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Will NC College Students Face A Vaccine Mandate This Fall?

COVID-19 vaccinations await arms at a Novant Health vaccination clinic at Friendship Baptist Church.
Courtesy Novant Health/ Davis Turner
© Novant Health 2021
COVID-19 vaccinations await arms at a Novant Health vaccination clinic at Friendship Baptist Church.

As the COVID-19 vaccine becomes more widely available, colleges and universities across the nation weigh the decision of whether to require students to be vaccinated before returning to campus in the fall.

Duke University was among around a dozen schools nationwide to announce relatively early that they will require vaccination for the fall semester. However, more schools are following suit, and others are considering a vaccine mandate as well.

“Looking ahead, we know that widespread vaccination will be the only way to facilitate a return to normal and robust campus life,” Duke President Vincent E. Price said in a notice sent to students, faculty and staff announcing the school’s decision to require proof of vaccination.

According to the announcement, the policy applies to all undergraduate, graduate and professional students planning to be on campus for any period of time, aside from those with documented medical or religious exemptions.

North Carolina state law requires college students at both public and private institutions to receive vaccinations for several diseases — diphtheria, tetanus, pertussis, polio, measles, mumps, rubella, hepatitis B and varicella — before reporting to campus. Some schools also have requirements for flu vaccines each year.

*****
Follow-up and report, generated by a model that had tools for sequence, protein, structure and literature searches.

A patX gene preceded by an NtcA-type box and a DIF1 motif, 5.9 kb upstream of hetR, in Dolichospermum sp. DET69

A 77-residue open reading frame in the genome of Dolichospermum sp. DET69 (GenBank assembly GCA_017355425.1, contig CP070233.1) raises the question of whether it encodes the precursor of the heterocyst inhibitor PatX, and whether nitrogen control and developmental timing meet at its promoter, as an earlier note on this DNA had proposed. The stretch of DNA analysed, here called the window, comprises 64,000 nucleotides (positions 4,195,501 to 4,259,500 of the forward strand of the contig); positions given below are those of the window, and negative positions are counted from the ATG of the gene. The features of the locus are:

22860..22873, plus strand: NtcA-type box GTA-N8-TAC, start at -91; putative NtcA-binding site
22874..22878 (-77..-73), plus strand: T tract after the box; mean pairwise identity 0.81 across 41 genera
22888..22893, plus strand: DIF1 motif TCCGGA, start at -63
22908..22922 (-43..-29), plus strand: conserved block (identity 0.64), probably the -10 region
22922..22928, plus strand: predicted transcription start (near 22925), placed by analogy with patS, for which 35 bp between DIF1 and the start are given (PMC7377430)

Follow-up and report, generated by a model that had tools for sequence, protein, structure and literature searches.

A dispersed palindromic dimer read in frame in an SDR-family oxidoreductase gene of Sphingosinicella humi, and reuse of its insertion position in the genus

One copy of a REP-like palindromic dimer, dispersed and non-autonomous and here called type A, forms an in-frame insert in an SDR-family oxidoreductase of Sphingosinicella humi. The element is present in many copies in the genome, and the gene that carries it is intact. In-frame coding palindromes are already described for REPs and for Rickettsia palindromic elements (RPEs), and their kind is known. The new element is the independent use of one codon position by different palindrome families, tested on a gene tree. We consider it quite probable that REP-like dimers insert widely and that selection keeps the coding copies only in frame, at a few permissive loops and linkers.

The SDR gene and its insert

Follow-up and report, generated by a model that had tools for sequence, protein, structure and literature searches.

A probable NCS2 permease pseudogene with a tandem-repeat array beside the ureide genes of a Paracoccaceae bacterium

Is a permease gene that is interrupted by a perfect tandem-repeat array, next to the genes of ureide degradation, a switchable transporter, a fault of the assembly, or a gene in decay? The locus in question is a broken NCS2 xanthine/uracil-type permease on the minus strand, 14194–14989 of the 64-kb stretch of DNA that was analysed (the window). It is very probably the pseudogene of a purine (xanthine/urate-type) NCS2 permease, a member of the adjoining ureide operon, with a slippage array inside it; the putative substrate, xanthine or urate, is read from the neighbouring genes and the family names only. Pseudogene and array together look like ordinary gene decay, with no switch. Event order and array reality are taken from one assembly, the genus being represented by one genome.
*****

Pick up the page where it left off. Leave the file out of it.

Duke was among the first institutions in the state to enact a COVID-19 vaccine mandate.

Many Schools Holding Off

The UNC System, which operates 16 public universities across the state, has hosted inoculation clinics on its campuses, vaccinating more than 62,000 people, so far. But the system has held off on declaring an official requirement.

“The UNC System strongly recommends the vaccine for students but is not requiring it,” the system said via a statement from UNC Vice President of Communications Jane Stancill. “We urge our students and all North Carolinians to be vaccinated at the earliest opportunity,”

Larger private institutions have also been weighing the options for fall but are generally holding off on making a final decision. In the case of Wake Forest, the position was uncertain a few weeks ago, but that changed in late April.

“We are working on plans for the fall semester now,” Cheryl Walker, acting executive director, news and communications, Wake Forest University, said in mid-April. “While we are encouraging students to get vaccinated, we have not, at this point, made any decisions about requiring a vaccine.”

However, on April 20, Wake Forest released its decision and announced its “intent to require proof of vaccination for all students in the fall” on its website.

Duke’s move to require vaccination has spurred many other higher education institutions across the state to consider enacting similar policies.

“We had our health and safety task force meet, and based on Duke, we decided to have a serious conversation about vaccine requirements,” said Jermaine Thomas, director of public safety at Guilford College in Greensboro.

“And because we work so closely with the Guilford County Health Department, we decided to follow their guidelines and not require the vaccine during the emergency use authorization.”

The emergency use authorization issued through the U.S. Food and Drug Administration is a mechanism to facilitate the availability and use of medical tools such as vaccines during public health emergencies.